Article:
Bayesian Learning. HT2015: SC4 Statistical Data Mining and Machine Learning. Maximum Likelihood Principle. The Bayesian Learning Framework

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1 HT5: SC4 Statistical Data Mining and Machine Learning Dino Sejdinovic Department of Statistics Oxford Maximum Likelihood Principle A generative model for training data D = {(x i, y i )} n i= given a parameter vector θ: y i (π,..., π K ), x y i g yi (x) = p(x yi ) k-th class conditional density assumed to have a parametric form for g k (x) = p(x k ) and all parameters are given by θ = (π,..., π K ;,..., K ) Generative process defines the likelihood function: the joint distribution of all the observed data p(d θ) given a parameter vector θ. Process of generative learning consists of computing the MLE θ of θ based on D: θ = argmax p(d θ) θ Θ We then use a plug-in approach to perform classification f θ(x) = argmax P θ(y π k p(x k ) = k X = x) = argmax K k {,...,K} k {,...,K} j= π jp(x j ) The Framework Being Bayesian: treat parameter vector θ as a random variable: process of learning is then computation of the posterior distribution p(θ D). In addition to the likelihood p(d θ) need to specify a prior distribution p(θ). Posterior distribution is then given by the Bayes Theorem: Likelihood: p(d θ) Prior: p(θ) Summarizing the posterior: p(θ D) = p(d θ)p(θ) Posterior: p(θ D) Marginal likelihood: = Θ p(d θ)p(θ)dθ Posterior mode: θ MAP = argmax θ Θ p(θ D) (maximum a posteriori). Posterior mean: θ mean = E [θ D]. Posterior variance: Var[θ D].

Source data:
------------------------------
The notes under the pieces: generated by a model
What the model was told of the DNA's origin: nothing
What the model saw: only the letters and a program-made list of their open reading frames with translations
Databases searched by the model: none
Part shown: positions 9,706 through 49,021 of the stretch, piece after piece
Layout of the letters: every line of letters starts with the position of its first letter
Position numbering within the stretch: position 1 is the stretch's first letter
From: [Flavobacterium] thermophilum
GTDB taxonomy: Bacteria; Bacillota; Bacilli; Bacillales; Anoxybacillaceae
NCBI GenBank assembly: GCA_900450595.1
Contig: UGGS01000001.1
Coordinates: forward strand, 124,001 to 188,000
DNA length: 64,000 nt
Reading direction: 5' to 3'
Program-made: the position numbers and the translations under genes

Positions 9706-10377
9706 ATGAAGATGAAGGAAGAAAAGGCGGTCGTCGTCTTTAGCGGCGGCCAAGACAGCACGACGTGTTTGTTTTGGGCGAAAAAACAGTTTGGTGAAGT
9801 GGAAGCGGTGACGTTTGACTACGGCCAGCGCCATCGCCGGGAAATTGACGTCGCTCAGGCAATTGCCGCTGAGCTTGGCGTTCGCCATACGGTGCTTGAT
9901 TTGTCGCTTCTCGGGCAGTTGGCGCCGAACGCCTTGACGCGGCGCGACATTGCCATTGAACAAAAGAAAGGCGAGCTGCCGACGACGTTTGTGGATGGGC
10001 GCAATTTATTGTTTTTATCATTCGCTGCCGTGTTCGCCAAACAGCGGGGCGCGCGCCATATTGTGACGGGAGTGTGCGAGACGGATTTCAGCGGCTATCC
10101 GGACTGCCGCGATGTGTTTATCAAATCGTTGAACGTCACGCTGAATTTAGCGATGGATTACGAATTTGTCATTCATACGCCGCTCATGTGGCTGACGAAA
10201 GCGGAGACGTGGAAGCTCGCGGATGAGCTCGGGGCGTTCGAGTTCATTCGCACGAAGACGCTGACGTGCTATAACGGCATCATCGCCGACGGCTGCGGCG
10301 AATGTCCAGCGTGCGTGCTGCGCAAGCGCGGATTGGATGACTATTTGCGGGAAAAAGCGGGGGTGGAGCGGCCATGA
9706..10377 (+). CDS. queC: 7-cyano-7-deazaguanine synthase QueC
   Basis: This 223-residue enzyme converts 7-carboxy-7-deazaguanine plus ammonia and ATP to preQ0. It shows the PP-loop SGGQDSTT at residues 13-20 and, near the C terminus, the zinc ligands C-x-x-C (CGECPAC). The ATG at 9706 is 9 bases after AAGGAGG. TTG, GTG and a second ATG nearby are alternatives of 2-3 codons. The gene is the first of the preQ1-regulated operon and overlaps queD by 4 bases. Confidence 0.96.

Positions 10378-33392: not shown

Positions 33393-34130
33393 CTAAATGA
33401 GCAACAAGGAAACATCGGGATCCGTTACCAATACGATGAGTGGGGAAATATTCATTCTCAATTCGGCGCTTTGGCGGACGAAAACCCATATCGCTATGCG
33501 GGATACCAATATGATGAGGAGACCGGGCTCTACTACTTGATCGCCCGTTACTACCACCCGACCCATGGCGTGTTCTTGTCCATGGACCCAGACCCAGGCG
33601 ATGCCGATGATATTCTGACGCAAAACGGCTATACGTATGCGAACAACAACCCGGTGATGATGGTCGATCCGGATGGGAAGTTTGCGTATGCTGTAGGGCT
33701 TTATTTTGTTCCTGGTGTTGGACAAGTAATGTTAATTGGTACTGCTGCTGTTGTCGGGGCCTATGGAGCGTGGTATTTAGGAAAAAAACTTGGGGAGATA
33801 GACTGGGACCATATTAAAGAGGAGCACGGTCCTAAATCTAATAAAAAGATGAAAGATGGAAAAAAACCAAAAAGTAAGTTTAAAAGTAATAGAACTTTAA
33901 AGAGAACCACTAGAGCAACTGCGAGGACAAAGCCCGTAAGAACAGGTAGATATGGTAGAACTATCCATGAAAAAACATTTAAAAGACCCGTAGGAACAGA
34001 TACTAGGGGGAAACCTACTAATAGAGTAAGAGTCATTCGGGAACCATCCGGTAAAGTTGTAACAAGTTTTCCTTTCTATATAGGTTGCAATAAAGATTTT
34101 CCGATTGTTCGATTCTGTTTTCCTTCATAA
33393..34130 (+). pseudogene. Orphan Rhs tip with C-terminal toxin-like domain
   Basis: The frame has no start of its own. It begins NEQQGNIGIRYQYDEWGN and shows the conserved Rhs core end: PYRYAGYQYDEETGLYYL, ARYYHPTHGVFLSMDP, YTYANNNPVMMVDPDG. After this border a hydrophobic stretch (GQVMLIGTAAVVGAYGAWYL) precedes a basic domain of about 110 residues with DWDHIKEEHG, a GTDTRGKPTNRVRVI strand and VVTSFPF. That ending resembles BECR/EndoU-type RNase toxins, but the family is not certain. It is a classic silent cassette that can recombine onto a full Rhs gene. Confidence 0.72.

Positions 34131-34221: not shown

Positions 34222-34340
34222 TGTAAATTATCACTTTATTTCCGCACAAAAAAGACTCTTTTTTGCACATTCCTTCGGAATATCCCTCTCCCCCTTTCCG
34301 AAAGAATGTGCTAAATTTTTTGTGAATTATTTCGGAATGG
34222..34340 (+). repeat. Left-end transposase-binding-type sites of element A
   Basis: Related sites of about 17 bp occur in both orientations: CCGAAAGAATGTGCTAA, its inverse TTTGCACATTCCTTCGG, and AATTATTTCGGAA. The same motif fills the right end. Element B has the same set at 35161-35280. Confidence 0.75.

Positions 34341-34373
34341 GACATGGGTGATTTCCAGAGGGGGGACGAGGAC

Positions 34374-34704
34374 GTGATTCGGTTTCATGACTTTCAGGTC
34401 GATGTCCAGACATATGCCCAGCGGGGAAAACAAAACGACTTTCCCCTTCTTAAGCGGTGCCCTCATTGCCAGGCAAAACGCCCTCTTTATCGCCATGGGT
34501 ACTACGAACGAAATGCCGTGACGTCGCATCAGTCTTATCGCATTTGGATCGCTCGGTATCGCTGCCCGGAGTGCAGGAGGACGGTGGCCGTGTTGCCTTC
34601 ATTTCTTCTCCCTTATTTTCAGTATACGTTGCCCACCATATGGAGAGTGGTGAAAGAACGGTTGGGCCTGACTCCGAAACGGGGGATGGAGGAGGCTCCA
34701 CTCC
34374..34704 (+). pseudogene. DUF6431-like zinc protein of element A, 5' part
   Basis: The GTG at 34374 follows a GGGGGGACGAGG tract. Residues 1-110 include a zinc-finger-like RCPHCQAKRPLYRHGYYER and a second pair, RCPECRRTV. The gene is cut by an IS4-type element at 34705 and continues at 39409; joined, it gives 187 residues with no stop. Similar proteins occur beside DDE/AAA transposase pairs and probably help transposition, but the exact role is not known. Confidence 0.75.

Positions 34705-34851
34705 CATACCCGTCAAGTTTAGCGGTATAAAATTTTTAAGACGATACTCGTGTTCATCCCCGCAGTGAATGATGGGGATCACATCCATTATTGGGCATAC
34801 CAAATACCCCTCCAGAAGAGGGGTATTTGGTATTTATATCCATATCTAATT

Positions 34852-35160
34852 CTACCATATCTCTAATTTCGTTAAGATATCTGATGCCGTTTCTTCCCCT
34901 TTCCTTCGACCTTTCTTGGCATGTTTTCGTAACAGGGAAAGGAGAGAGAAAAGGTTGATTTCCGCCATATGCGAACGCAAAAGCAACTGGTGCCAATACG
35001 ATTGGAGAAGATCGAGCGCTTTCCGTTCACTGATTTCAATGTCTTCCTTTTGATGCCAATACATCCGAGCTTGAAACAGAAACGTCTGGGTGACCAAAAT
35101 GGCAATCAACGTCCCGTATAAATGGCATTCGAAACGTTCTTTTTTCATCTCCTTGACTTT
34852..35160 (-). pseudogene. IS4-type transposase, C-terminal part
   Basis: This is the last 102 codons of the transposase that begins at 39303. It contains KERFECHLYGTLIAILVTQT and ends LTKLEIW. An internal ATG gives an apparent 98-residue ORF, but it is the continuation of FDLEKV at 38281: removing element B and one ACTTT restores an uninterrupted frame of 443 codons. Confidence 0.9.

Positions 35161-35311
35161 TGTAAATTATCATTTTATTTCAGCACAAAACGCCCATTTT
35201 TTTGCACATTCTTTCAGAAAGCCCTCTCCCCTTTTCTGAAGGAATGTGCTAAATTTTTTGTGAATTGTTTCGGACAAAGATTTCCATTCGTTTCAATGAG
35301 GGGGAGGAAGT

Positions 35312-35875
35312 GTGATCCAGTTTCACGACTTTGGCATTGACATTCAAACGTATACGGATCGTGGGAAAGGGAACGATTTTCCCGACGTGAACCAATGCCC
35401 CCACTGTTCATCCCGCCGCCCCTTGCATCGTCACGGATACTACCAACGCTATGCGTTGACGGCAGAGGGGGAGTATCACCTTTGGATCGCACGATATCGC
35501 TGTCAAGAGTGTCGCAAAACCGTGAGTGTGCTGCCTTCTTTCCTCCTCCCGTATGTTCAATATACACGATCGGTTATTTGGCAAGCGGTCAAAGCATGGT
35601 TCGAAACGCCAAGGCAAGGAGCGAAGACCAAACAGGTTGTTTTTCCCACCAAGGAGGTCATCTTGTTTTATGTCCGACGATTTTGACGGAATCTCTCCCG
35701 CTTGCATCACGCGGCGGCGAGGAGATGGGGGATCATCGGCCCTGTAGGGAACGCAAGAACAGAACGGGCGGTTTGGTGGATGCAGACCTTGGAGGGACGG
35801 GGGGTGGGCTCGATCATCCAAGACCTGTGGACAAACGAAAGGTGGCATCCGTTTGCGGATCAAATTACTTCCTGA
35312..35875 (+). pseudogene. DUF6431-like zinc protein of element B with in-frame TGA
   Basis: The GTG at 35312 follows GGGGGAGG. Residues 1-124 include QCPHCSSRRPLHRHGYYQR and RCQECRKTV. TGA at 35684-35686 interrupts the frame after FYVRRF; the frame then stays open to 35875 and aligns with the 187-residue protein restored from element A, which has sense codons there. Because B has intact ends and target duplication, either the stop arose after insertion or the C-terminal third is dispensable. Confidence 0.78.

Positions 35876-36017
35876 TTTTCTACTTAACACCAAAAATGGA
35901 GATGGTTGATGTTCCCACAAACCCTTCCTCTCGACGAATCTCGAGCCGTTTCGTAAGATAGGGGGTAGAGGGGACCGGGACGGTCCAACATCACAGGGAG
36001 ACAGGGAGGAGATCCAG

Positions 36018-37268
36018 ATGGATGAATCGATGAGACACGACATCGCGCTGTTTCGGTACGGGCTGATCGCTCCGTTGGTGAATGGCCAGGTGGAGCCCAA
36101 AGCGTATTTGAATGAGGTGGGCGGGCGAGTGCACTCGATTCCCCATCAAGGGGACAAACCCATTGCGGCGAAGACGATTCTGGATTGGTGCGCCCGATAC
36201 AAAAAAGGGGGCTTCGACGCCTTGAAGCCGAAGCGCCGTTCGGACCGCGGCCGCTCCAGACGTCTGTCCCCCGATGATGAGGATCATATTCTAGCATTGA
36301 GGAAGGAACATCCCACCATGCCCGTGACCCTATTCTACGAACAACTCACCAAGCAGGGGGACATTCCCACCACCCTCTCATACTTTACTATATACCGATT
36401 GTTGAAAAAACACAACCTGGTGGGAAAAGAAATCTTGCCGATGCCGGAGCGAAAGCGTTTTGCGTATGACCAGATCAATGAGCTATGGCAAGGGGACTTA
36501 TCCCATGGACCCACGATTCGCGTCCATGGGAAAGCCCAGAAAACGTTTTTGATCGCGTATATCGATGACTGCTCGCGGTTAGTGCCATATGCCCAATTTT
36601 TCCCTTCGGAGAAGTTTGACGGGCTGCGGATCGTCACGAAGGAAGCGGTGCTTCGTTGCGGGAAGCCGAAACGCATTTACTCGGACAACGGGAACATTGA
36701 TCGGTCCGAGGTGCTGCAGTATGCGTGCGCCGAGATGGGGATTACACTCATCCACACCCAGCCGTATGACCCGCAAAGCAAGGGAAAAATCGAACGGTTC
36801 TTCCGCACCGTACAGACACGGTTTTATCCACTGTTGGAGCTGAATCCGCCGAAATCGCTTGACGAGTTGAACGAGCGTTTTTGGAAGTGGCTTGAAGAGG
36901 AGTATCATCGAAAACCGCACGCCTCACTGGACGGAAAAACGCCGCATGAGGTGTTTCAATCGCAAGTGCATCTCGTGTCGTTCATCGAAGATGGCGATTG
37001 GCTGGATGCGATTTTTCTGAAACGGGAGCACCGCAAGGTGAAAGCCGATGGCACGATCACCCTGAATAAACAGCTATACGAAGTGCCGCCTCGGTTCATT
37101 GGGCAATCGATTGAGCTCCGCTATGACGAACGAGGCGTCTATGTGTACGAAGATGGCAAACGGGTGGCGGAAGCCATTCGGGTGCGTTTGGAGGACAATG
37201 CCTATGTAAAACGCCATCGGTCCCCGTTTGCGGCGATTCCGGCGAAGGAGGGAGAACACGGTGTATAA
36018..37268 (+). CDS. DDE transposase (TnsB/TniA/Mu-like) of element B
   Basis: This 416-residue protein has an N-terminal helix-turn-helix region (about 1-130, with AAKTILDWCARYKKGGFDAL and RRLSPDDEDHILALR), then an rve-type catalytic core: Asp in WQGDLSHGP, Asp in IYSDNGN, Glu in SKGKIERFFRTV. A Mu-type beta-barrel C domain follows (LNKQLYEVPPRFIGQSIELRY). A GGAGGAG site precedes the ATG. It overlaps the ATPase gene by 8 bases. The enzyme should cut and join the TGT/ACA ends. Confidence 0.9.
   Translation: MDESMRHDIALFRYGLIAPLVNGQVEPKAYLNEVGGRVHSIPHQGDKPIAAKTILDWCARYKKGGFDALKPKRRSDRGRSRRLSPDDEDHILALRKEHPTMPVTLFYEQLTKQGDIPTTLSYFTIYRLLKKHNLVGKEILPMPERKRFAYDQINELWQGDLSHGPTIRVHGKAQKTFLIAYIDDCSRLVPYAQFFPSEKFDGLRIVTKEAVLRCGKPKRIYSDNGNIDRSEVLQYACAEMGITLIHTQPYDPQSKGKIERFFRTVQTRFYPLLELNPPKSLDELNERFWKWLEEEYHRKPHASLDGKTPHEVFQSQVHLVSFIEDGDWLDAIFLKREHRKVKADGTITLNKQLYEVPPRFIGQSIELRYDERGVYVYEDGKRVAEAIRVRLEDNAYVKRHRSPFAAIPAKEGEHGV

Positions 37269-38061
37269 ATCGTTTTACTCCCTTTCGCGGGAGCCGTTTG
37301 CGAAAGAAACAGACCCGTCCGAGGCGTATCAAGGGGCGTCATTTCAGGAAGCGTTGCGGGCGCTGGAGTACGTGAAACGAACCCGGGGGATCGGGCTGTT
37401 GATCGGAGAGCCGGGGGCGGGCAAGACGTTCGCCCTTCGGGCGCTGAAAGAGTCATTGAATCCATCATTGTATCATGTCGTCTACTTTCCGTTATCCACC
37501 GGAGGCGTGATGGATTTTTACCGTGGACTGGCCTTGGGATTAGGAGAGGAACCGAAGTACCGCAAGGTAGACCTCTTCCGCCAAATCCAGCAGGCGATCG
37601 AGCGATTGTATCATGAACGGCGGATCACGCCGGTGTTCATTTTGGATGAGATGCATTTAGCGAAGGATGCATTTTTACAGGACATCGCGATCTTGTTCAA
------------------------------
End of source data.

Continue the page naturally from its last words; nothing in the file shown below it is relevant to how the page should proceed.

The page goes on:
2 A simple example: We have a coin with probability of coming up heads. Model coin tosses as i.i.d. Bernoullis, =head, =tail. Estimate given a dataset D = {x i } n i= of tosses n=, n =, n = n=, n =, n =.5 n=, n =4, n =6.5 p(d ) = n ( ) n with n j = n i= (x i = j). Maximum Likelihood estimate: ˆ ML = n n Bayesian approach: treat the unknown parameter as a random variable. Simple prior: Uniform[, ], i.e., p() = for [, ]. Posterior distribution: p( D) = p(d θ)p(θ) = n ( ) n, = n ( ) n d = Posterior is a Beta(n +, n + ) distribution: mean = n + n+. (n + )! n!n! n=, n =65, n = n=, n =686, n = n=, n =74, n = Posterior becomes behaves like the ML estimate as dataset grows and is peaked at true value =.7. All Bayesian reasoning is based on the posterior distribution. Posterior mode: MAP = n n Posterior mean: mean = n + n+ Posterior variance: Var[ D] = mean ( mean ) n+ ( α)-credible regions: (l, r) [, ] s.t. r p(θ D)dθ = α. l Consistency: Assuming that the true parameter value is given a non-zero density under the prior, the posterior distribution concentrates around the true value as n. Rate of convergence? The posterior predictive distribution is the conditional distribution of x n+ given D = {x i } n i= : p(x n+ D) = = p(x n+, D)p( D)d p(x n+ )p( D)d = ( mean ) x n+ ( mean ) x n+ We predict on new data by averaging the predictive distribution over the posterior. Accounts for uncertainty about.